With the Internet's second big browser war upon us, benchmarks, performance and speed have taken center stage in the fight for online supremacy. Here at Tested, we often discuss numerous technologies, from WebGL to HTML5, in attempt to suss out what browsers work best. But we also realize it's not always easy to understand what purpose these tests serve — and more specifically, the real-world benefits for people like you.
Here's a quick rundown of what all these names and numbers mean, why they matter, and how to run some tests of your own.
The HTML5 standard includes a huge variety of new APIs that range from offline storage capabilities to native multimedia playback. However, the feature most commonly subject to benchmarks is the 2D canvas drawing element. This is the API responsible for all sorts of animations, and also the element which makes HTML5-based games possible. The speed with which a browser can interpret and render canvas elements — especially in large, layered numbers — determines the overall performance of an HTML5-based app, which is why many benchmarks attempt to push a browser to its limits.
You've probably seen a number of popular HTML5-based tests discussed in the past, including Microsoft's popular fishtank demo. You can feel free to test these out on your own to get an idea of your how own browser stacks up, but be warned, lower-powered hardware and machines can often be more of a bottleneck than the browser itself.
For some time now, computer scientists and programmers have been eager to leverage the power of a computer's GPU for the purpose of non-graphical computations. For example, it often makes more sense to execute physics calculations on the GPU, or complex mathematical equations, such as those required by SETI@home. In-browser, a standard called WebCL has promised to offer that same ability to web developers and apps. First conceived by Apple, and released with Snow Leopard last year, a range of manufacturers have since expressed interest, especially where mobile applications are concerned.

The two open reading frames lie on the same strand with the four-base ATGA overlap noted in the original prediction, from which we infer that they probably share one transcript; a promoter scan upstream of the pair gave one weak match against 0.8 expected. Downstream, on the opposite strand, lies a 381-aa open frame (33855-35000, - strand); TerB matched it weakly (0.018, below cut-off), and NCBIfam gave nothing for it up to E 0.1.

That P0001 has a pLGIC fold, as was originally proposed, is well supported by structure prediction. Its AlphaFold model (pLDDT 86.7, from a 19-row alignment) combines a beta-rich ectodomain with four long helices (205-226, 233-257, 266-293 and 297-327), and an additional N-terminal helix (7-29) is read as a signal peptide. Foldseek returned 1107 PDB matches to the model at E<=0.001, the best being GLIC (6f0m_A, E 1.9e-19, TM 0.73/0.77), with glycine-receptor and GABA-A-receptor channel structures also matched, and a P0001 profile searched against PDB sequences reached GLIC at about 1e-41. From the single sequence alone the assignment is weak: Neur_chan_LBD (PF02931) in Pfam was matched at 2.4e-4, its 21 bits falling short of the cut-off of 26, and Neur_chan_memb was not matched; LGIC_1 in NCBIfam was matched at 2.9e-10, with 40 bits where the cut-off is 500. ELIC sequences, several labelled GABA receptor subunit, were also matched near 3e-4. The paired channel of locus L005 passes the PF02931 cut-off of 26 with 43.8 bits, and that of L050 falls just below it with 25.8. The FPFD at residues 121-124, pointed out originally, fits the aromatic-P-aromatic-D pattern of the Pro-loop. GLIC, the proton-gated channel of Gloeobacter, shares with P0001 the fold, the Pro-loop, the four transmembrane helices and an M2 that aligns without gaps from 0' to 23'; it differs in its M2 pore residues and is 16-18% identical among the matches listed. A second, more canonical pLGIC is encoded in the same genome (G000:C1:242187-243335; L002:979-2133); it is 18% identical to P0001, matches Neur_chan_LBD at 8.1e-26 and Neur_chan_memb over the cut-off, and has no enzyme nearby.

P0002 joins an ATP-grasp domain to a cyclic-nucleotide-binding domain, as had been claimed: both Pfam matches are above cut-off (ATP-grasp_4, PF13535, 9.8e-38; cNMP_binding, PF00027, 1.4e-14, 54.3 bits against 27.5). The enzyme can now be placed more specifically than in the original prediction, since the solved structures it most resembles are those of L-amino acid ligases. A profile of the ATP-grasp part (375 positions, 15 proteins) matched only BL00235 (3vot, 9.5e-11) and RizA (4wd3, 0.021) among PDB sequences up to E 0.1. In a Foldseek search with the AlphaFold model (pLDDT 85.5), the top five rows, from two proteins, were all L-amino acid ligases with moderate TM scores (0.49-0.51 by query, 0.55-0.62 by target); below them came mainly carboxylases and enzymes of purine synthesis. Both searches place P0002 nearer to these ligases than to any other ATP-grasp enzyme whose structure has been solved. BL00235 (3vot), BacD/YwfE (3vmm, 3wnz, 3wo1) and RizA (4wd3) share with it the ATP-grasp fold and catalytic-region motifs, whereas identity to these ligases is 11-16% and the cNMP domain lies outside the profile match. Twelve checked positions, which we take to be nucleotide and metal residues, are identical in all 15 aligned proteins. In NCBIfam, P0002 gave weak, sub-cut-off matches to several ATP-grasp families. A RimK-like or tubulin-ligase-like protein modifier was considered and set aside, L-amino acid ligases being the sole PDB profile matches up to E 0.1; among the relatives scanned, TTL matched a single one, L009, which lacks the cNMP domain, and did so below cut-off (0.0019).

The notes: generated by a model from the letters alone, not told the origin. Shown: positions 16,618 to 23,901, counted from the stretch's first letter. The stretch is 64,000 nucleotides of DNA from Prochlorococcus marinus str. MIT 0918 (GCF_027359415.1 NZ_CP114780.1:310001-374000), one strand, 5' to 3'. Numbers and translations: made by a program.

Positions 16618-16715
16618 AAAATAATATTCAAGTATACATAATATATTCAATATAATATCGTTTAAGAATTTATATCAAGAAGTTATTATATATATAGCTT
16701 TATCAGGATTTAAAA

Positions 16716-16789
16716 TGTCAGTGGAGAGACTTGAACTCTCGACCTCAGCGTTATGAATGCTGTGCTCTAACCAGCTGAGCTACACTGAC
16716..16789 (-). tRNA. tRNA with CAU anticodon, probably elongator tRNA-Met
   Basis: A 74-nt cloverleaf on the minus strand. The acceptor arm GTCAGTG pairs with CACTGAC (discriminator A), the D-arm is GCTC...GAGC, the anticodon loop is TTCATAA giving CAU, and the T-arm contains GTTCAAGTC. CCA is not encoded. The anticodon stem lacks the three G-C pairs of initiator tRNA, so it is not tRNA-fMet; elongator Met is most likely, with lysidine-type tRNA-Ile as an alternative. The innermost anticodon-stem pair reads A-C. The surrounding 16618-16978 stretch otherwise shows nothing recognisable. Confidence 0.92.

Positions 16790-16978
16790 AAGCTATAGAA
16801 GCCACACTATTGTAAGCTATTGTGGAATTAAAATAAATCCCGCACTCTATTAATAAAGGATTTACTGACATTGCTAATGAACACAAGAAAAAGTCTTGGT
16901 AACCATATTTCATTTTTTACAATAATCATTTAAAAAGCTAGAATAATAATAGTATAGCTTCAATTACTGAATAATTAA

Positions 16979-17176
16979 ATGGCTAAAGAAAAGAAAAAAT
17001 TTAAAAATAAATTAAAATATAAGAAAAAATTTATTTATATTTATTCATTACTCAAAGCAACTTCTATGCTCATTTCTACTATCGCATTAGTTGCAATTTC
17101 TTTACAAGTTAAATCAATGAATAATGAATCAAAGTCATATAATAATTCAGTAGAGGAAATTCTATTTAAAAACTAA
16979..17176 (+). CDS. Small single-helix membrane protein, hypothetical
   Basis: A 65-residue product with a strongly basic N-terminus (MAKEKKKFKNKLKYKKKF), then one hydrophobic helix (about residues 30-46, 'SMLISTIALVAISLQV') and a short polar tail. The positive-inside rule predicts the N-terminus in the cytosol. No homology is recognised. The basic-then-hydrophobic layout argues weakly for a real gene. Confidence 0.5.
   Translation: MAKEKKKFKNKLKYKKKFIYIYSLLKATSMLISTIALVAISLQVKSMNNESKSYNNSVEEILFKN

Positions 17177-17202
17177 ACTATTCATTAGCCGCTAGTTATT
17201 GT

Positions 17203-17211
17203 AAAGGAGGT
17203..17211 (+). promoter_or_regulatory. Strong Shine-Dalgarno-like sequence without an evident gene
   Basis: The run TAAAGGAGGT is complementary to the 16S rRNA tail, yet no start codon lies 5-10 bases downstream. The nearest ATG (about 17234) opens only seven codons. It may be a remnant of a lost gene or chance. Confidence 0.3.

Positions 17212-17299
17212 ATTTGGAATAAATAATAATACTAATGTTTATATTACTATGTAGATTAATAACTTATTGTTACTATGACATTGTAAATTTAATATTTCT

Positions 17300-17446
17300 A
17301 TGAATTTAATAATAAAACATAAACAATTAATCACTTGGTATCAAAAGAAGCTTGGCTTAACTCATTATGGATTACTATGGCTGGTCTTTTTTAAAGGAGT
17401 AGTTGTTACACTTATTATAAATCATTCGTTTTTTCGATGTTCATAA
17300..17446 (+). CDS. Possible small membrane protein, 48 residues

Though still in its infancy — especially when compared with WebGL — Both Samsung and Nokia have released the first two WebCL proof of concepts for eager users to test. Concievably Tech's Wolfgang Gruener has the full rundown for those interested. OS X users with Safari can already try Samsung's demo out for themselves, while Windows users will need Nokia's software with an SDK from AMD. For now, these benchmarks won't reveal much, but will eventually give a good indication of how well a browser can run code on low-level hardware — something that will no doubt come in handy for ChromeOS-style scenarios.
Unlike WebCL, these tests utilize your computer's GPU for the purpose of graphical rendering and execution, and is being billed as the basis for the next-generation of online games and applications. Traditionally, web applications, run in a browser-imposed sandbox, without access to lower-level hardware such as the GPU. If a web developer hoped to utilize the GPU or render 3D content in-browser, a plugin was often required, at the cost of precious CPU resources.
WebGL, however, provides access to this hardware. Chrome, for example, has a huge number of WebGL-based "experiments" that we've covered in the past, and give a great indication of the WebGL's potential for everything from games to interactive videos and 3D applications. Even Quake II has been made to run in-browser with GPU-enabled rendering. Just remember, you'll need Firefox, Chrome or Safari to join in the fun, as Internet Explorer will likely be sitting this race out.